To the untrained eye, their work at Bristol Animal Rescue Centre (ARC) could be seen as boisterous, childish at times and even just plain old messy.
But the two canines have a far more important job than pleasing critics.
Inflation and high interest rates across the UK plus people abandoning pets they bought during the Covid-19 pandemic has caused a surge in strays and stretched the ARC to its financial limits.
"People just can't afford insurance and veterinary care and just to look after their dogs in general," Bee Lawson, an animal behaviour specialist at the ARC, told AFP.
"At the moment, we are just taking in strays because we are experiencing such a high level of dogs coming in."
- 'Unprecedented crisis' -
The RSPCA animal welfare charity has said it is "desperately concerned" about soaring animal abandonments as winter approaches.
Up until the end of October, the RSPCA in England and Wales received 17,838 reports of abandoned animals.
If the trend continues, it said it expects to see around 21,417 reports in 2023, compared to 16,118 reports in 2020.
"Many rescue centres are full to bursting, so we are facing an unprecedented winter crisis," RSPCA inspectorate commissioner Dermot Murphy said.
As such, the privately funded ARC has had to come up with creative ways to bring in money.
One of the ideas conceived by staff at the centre was to hold an online "Mutt Gala" in December, an event inspired by Vogue Magazine's Met Gala in New York, where animal art would be auctioned.
Armed only with their snouts, paws and a natural disregard for the rules of composition, Rosie, Alba and a pack of strays currently boarding at the centre have been more than willing to help.
- Art therapy -
Lawson said painting is used as a therapy tool for stray dogs, who often arrive at the centre traumatised after their abandonment and having to live alone and unfed on the streets.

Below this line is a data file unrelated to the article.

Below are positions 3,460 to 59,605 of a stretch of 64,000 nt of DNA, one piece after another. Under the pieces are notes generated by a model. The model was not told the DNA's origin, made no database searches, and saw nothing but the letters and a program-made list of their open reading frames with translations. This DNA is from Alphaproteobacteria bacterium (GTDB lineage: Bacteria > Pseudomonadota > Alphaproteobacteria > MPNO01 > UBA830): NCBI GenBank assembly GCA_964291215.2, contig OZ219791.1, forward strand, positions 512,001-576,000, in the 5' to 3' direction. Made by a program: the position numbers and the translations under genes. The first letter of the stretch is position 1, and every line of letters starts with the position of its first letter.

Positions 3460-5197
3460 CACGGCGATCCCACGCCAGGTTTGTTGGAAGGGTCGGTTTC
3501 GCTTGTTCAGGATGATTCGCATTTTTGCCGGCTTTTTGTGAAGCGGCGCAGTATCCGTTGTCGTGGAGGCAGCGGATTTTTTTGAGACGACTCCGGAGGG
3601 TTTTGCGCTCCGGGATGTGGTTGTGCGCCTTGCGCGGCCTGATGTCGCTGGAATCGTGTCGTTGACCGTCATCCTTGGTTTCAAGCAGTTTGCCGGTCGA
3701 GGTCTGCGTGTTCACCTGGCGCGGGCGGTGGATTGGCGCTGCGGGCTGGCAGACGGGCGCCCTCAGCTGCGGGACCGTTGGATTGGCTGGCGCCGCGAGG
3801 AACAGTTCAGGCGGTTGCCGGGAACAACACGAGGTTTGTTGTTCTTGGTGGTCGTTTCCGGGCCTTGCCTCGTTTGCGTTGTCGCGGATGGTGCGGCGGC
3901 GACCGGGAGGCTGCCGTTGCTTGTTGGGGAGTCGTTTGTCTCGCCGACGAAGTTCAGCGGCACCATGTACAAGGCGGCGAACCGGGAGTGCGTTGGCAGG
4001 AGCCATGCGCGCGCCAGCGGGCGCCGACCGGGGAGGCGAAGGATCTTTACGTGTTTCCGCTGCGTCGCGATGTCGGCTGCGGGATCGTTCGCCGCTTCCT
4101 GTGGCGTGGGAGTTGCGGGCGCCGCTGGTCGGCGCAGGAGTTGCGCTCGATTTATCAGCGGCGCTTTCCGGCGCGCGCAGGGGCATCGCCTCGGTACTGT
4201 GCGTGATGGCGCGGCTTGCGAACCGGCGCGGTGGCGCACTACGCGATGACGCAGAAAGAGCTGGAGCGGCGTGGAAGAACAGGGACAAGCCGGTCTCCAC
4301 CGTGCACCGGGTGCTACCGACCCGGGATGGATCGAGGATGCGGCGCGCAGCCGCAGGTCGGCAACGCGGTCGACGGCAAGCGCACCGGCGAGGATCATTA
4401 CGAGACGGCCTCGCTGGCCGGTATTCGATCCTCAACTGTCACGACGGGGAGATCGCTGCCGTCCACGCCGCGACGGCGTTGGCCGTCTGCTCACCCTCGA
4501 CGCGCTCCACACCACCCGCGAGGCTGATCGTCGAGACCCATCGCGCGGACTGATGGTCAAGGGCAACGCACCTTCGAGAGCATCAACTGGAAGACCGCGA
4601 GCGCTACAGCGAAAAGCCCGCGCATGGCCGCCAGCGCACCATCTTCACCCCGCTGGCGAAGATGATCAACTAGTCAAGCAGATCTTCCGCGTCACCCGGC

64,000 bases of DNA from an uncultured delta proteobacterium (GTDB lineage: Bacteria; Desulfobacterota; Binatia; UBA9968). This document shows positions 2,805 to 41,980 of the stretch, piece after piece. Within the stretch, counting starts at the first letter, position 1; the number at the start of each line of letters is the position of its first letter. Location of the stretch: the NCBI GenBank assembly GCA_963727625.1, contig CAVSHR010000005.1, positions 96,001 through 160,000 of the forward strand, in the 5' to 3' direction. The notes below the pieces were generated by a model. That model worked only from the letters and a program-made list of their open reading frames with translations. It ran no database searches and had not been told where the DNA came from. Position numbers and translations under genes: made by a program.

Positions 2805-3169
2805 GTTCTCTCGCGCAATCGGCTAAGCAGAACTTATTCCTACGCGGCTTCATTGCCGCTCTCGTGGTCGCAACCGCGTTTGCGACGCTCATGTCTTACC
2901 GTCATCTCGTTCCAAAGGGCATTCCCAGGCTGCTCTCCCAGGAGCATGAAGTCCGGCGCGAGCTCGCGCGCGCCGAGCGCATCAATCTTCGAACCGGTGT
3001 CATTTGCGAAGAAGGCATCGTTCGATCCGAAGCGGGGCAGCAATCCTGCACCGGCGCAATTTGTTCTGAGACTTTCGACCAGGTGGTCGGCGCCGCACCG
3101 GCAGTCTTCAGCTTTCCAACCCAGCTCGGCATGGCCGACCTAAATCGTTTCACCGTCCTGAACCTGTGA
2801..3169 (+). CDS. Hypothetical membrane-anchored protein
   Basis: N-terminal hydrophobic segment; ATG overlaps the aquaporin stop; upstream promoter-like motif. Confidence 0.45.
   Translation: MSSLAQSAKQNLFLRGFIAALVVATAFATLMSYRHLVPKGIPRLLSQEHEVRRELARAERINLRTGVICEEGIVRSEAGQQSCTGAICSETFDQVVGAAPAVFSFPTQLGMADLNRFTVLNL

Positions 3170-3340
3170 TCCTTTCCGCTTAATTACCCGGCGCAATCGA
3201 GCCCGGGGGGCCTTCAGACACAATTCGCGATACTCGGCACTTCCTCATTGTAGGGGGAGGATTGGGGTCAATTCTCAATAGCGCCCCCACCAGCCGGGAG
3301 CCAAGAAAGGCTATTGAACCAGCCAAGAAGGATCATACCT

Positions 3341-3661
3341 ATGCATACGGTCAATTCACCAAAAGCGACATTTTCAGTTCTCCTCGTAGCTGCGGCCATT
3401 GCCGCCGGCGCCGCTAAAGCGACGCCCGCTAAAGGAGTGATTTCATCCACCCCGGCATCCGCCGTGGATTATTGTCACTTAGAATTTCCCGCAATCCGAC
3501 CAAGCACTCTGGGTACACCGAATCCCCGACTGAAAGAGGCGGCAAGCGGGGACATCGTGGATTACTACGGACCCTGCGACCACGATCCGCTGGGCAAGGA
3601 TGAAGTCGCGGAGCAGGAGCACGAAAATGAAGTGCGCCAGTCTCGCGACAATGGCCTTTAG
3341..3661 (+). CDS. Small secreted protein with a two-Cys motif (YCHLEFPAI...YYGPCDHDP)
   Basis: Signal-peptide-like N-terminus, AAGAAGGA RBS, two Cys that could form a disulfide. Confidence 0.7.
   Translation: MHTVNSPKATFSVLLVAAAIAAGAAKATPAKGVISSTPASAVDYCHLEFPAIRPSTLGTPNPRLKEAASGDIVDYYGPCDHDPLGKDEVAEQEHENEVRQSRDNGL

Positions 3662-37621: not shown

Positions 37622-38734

"Anything that encourages sniffing, licking and chewing is really beneficial because those are actually naturally calming behaviours for dogs," she said.
"So when they're sniffing or licking, it triggers the neurotransmitters in a dog's brain to release the happy chemicals."
To coax the dogs to the canvases, carers at the ARC use peanut butter and "squeezy cheese" from capsules, which encourages them to sniff, lick and get creative.
"We basically get a blank canvas or something similar to that, put some non toxic paint on the canvas, cling film on top of that, and then we put on their favourite treats," said Jodie Bennett, a community and engagement officer at the centre.
"For the dogs here, it's usually squeezy cheese or peanut butter or something like that. And then the dogs will go over, lick and play with it."
Sometimes some of the more energetic dogs walk on their canvasses while others will use their whole bodies to create their art.
- Up and coming -
Bennett said "Major" -- a white husky rescue dog -- had proved to be one of the more popular artists at the centre, with his two works "Excited I" and "Excited II" drawing keen interest from both critics and art investors.
"His paintings show how he loves the feeling of excitement," she added.
"So they're really big and bold and all over the place, like Major's personality, so look out for him. He is a big up and coming artist."
A yellow, orange and red highly abstract piece named "Burning Man" by a cat called "Cammie", who arrived unexpectedly during one of the painting sessions, had also drawn keen interest, she said.
"Cammie did 'Burning Man' -- she used her favourite colours of fire because she's a feisty lady," she added.
As for Rosie and Alba, their work is "pretty good", Bennett said.
Both had managed to produce some notable pieces that had raised a few eyebrows in the local dog art community.
"We've just done some really nice artwork with them," she said.
"I'm very proud of them and I would hang it up on my wall, definitely."
With practice and effort, they might, she said, even find their work hanging in the Tate one day.